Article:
By design, sales enablement software bridges the gap to provide a platform for alignment, offering one source of truth for linking sales and marketing activity to revenue. This year, the research found that the vast majority, (71%) of sales and marketing professionals agree that a lack of alignment between their teams has had a negative impact on revenue, and 52% of sales and marketing leaders in the UK agree they don’t understand which assets are driving results with potential prospects.

It’s clear that the need for aligned business functions has never been greater and soon, marketers and salespeople will call for AI-powered sales enablement as an essential tool to do their job effectively.

Now is the time…

If businesses want to optimise their work and maximise profits in the turbulent economic climate, they need to focus on driving change from the front by aligning their sales and marketing teams. Smart investment decisions that adapt processes based on buyer engagement with marketing content, and seller activities will be crucial in the coming months.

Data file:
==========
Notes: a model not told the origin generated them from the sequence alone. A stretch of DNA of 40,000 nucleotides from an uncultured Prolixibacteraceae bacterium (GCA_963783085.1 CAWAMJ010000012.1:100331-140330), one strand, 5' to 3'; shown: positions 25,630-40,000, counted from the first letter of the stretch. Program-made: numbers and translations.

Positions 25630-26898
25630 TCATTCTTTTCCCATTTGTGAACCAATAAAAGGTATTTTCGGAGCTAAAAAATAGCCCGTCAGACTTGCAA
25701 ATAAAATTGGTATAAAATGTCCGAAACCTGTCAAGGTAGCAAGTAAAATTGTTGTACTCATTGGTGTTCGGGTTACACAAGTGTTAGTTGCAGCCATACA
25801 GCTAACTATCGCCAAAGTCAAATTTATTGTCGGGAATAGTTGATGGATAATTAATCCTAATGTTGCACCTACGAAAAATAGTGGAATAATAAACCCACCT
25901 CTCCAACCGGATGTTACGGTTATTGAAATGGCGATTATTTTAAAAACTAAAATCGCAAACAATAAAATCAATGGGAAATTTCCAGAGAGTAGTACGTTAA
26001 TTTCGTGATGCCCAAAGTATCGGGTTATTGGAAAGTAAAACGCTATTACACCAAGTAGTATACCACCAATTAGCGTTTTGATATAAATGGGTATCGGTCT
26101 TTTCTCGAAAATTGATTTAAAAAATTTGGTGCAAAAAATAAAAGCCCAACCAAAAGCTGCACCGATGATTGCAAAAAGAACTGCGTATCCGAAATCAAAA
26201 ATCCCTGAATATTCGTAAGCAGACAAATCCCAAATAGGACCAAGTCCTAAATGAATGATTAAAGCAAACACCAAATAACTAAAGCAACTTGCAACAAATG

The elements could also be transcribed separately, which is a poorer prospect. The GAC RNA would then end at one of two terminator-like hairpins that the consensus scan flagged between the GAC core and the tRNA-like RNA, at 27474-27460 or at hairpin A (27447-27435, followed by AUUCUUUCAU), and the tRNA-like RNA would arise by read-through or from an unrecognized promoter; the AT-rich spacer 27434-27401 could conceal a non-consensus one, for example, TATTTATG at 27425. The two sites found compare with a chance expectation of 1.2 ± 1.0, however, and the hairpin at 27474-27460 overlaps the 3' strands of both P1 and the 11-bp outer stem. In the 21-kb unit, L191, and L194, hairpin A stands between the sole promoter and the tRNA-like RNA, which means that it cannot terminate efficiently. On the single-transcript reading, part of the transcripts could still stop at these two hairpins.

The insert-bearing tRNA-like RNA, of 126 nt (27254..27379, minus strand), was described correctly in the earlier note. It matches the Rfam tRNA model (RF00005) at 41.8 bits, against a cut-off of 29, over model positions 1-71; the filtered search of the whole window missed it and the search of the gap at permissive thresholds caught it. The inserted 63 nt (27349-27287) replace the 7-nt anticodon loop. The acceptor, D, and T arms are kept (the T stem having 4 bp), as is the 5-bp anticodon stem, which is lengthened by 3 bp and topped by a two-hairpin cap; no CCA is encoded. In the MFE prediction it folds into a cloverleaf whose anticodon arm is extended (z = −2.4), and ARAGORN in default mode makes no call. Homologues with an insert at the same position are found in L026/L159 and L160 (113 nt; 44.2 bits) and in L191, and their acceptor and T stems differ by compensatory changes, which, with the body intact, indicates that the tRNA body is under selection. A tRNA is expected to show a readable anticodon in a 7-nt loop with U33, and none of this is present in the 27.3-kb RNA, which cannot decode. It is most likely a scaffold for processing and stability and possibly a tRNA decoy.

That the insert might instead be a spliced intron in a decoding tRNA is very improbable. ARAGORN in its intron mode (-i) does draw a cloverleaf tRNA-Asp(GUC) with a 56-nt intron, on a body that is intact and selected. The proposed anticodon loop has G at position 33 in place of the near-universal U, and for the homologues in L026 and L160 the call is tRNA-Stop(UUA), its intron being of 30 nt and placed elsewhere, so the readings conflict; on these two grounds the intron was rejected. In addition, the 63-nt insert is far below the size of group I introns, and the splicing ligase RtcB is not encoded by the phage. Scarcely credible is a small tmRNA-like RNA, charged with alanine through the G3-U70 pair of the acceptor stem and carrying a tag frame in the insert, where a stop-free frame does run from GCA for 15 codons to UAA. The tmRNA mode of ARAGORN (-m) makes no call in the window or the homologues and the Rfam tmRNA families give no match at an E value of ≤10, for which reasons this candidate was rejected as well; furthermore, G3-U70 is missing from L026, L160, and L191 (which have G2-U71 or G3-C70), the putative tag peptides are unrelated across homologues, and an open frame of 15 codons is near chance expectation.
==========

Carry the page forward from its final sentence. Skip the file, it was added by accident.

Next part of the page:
Having a sales enablement process in place can provide the necessary framework to begin coherently organising, finding, sharing, customising, and analysing content. Sales enablement platforms can be a one-stop shop for sales processes and marketing insights and it’s no longer something that can be overlooked by businesses.

Final thoughts

The need for optimisation has never been greater. In order to maximise profits sales and marketing functions need to work together seamlessly. This year we can expect to see more businesses utilising sales enablement technology to achieve key milestones. With this, marketers and salespeople alike will recognise sales enablement as a crucial day to day tool that is just as essential as the CRM they’re using today.